Red Flag Consulting, the Irish company founded by former Independent News & Media communications executive Karl Brophy, increased its profits by 43 per cent in 2016 to €456,964 following a strong year of expansion.
This has continued into this year with the consulting group recently opening an office in Washington DC, which is being led by John Collins, who was vice-president for international policy with the American Bankers' Association.
Red Flag has a number of large clients in the US in the food, biotech and alcoholic drinks sectors, and works on regulatory issues and campaigns. It is also expected to target work on the mid-term elections in the US next year.
The company also has a presence in Dublin, London, Paris and Brussels and is forecasting revenues of €4 million for 2017 and growth of at least 60 per cent in its profit after tax.
Like many other consulting groups, Red Flag has benefited from the uncertainty created by Brexit and the election of Donald Trump to the White House, with clients seeking advice on a range of issues.
The number of full-time staff increased last year from 12 to 14, supplemented by consultants who are hired as required to work on big campaigns for clients.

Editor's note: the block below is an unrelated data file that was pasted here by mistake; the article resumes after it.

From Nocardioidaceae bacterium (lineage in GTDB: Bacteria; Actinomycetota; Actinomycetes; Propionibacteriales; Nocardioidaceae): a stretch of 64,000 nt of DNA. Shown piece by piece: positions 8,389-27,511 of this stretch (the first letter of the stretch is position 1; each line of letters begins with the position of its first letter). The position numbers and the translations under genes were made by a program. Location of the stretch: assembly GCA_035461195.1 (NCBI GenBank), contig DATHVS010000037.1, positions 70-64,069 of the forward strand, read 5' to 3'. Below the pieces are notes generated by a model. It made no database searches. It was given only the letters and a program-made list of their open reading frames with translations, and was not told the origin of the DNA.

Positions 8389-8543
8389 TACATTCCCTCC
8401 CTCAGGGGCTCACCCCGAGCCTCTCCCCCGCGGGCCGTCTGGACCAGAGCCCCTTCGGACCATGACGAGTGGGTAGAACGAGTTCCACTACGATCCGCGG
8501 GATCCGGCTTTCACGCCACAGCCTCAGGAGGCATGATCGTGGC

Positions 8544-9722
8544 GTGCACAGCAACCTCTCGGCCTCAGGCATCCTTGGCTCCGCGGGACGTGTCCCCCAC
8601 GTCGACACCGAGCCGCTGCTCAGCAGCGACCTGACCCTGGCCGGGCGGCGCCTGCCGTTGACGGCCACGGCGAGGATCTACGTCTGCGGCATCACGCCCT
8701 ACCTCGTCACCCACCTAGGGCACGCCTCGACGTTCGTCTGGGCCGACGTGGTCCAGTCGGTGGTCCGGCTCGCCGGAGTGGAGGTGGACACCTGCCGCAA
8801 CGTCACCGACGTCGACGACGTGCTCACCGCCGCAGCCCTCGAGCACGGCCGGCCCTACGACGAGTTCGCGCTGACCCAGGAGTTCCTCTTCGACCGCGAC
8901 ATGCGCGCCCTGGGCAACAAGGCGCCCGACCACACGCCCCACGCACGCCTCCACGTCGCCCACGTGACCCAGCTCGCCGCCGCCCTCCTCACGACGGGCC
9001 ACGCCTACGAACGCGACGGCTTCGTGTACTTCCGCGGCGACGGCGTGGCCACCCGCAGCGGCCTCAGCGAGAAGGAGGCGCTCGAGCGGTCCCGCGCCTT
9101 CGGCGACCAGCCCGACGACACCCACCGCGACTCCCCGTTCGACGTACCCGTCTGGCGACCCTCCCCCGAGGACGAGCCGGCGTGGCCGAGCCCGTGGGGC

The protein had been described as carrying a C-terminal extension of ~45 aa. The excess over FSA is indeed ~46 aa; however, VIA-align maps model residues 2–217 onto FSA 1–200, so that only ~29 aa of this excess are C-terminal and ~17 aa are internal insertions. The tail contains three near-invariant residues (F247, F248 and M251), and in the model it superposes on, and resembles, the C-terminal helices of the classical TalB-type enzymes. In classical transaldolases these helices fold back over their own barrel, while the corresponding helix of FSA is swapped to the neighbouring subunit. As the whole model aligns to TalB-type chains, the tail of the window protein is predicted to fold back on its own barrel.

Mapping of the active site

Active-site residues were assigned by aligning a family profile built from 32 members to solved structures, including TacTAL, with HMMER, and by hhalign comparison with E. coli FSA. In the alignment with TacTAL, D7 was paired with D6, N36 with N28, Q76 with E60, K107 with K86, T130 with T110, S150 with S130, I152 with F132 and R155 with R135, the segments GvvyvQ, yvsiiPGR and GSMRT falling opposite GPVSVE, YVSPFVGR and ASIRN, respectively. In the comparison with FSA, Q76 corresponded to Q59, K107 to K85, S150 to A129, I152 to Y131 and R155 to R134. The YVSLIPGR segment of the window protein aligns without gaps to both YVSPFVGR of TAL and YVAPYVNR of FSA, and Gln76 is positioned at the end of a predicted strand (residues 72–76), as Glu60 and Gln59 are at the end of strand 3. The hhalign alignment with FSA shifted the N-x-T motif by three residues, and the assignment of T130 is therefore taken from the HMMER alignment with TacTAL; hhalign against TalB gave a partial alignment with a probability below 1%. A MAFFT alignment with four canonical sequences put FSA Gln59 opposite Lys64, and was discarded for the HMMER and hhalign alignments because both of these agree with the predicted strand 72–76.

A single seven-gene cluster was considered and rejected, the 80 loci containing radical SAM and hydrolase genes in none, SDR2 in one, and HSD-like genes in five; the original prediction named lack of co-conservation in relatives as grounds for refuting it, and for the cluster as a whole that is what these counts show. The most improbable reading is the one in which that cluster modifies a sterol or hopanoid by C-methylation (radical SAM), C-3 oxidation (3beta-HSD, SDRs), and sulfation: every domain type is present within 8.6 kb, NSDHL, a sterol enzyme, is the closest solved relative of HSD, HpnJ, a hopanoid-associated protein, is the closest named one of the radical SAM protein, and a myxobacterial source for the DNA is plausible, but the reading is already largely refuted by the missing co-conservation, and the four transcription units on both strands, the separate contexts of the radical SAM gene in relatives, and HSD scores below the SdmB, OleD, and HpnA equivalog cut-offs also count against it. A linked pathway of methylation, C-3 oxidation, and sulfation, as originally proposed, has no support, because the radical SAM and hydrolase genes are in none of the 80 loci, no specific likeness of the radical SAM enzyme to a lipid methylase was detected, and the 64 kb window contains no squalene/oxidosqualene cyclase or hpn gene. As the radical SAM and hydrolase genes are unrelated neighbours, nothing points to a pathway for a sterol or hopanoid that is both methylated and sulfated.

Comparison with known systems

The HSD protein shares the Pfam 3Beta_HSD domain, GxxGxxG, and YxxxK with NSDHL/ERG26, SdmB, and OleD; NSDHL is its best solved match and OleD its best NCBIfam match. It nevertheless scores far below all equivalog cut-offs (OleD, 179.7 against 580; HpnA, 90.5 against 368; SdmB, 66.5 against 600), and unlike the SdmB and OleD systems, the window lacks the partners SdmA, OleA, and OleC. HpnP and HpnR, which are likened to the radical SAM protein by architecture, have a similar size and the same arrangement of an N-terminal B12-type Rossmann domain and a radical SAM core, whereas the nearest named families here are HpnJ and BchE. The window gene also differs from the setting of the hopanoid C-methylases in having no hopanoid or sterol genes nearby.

The company undertook client work across 14 countries on four continents and secured a number of new big client accounts, including with Monsanto and Anitox, a global pathogen control specialist.
Red Flag was set up in 2013 and has been profitable each year. It is chaired by Gavin O'Reilly, a former chief executive of INM and a son of Sir Anthony O'Reilly. Speaking to The Irish Times from his base in Los Angeles, Mr O'Reilly said: "It's a very interesting business. It has real momentum, with a great team of people. We will possibly look for further geographical expansion this year. 2016 was a phenomenal year for us in spite of all the external noise with court cases."
This is a reference to high-profile legal actions taken by businessman Denis O’Brien against Red Flag, alleging conspiracy and defamation.
Mr O'Brien has appealed a decision by the High Court to refuse to order Red Flag to discover documents revealing the identity of its client for a dossier of material about the businessman.
Mr O’Brien alleges that the material is mostly unfavourable to him and is defamatory. The Court of Appeal hearing has been set for March 2018.
It is understood that Red Flag’s legal bill from these actions, which date back to 2015, stands at about €1.4 million.
Red Flag’s latest accounts show that it closed last year with €1.27 million in capital and reserves, up from €811,447 a year earlier.
Employee payroll costs rose by 14 per cent to €892,841 while directors’ remuneration declined marginally to €432,874.
Mr Brophy is a former journalist and was director of corporate affairs and content development with INM during the latter stages of Mr O’Reilly’s time as chief executive. Both of them left the media company in 2012.